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XGI Technology Updates

Hardware

Published on 05 March 2006 01:00 AM EST
Written by Michael Larabel in Hardware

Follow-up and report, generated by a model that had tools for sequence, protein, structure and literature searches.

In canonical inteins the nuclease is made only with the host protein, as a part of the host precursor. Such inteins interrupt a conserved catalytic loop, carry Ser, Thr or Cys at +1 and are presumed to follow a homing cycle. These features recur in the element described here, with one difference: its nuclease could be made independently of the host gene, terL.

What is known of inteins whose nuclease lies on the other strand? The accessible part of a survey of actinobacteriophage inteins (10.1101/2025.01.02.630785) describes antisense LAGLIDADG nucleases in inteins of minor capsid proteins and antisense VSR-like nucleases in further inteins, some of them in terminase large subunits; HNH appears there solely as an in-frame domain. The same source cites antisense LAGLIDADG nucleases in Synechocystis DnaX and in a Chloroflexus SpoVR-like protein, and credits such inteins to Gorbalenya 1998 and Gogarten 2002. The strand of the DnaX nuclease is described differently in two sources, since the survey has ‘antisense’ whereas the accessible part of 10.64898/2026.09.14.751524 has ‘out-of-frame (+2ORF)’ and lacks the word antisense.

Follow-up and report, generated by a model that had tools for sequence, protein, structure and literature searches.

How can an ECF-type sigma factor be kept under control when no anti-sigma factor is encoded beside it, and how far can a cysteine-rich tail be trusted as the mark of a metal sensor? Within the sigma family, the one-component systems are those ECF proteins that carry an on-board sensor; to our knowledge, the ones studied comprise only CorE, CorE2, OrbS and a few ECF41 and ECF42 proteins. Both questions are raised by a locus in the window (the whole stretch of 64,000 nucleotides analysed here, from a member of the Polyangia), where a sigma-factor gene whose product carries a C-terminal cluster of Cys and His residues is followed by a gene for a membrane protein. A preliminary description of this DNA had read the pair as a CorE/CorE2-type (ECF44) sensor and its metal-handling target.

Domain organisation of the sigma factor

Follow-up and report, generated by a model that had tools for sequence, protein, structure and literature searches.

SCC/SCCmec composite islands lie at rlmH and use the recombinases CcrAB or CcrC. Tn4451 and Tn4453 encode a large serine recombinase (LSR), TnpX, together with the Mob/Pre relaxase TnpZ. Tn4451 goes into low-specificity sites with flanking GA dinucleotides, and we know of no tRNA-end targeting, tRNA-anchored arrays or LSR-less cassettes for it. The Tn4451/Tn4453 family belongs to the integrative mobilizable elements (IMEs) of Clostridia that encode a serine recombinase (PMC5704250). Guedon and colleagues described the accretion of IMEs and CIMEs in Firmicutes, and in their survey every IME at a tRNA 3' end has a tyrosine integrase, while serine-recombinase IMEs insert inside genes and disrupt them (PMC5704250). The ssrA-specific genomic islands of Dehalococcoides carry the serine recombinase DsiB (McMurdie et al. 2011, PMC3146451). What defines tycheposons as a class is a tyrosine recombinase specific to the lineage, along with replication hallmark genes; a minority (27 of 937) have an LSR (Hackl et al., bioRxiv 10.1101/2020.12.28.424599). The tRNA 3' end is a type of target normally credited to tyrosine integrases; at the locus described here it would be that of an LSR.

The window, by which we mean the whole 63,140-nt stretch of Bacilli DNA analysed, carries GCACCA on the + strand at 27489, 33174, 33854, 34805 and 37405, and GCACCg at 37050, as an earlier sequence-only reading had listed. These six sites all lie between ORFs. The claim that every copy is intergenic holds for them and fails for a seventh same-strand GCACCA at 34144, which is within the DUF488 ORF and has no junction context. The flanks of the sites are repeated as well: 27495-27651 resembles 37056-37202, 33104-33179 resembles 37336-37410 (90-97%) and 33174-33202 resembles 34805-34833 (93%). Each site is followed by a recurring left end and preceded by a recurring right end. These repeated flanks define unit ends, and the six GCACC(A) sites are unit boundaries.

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Rumors have been flying around the Internet early this month in regards to a possible takeover of XGI Technology by ATI Technologies. Initial reports had stated that ATI would acquire XGI on March 03, 2006, however, that date has since passed and we have seen no public word on this matter or official comments. If you will recall, last year there were also speculations of a possible ATI + XGI merger, but those moves were downplayed by the industry and that it would be unlikely if it ever went through. However, it seems as if this possible acquisition is the real McCoy and is likely to proceed. Rumor has it that ATI is in need of some fresh thinking and innovations after NVIDIA had acquired ULi Electronics earlier this year. While ATI was successful in their March 1, 2006 launch of the ATI Xpress 3200 a.k.a. RD580, a Chipset manufacturer take over would be ideal for their expected needs but they have seemed to settle for XGI. One of XGI's current public assets include their premiere PCI Express x16 part that was launched this past November -- the XGI Volari 8300. The Volari XP10 is their alternative PCI Express part. Alternatively, they also offer the Volari V3XT, V8 Duo, and alternative AGP 8x components and then their Z7 solution for servers and thin clients. One of the products discussed here at Phoronix on multiple occasions has been the Volari 8600XT, which is expected to compete with NVIDIA's 6600GT and ATI's X700, however, this product has yet to be released. In addition, XGI has absolutely no direct competition for the NVIDIA GeForce 7 series or the ATI X1000 series. Recently XGI Technology has seemed to be focusing more on the multimedia environment as well as servers and thin clients rather than the gaming and enthusiast market. XGI Technology had begun their operations in June of 2003 as a spin-off of SiS (Silicon Integrated Systems). For additional reference to some of these XGI products we have our Volari 8300 (XG47) Preview, as well as two interviews with XGI officials regarding various matters (including Linux) -- here and here.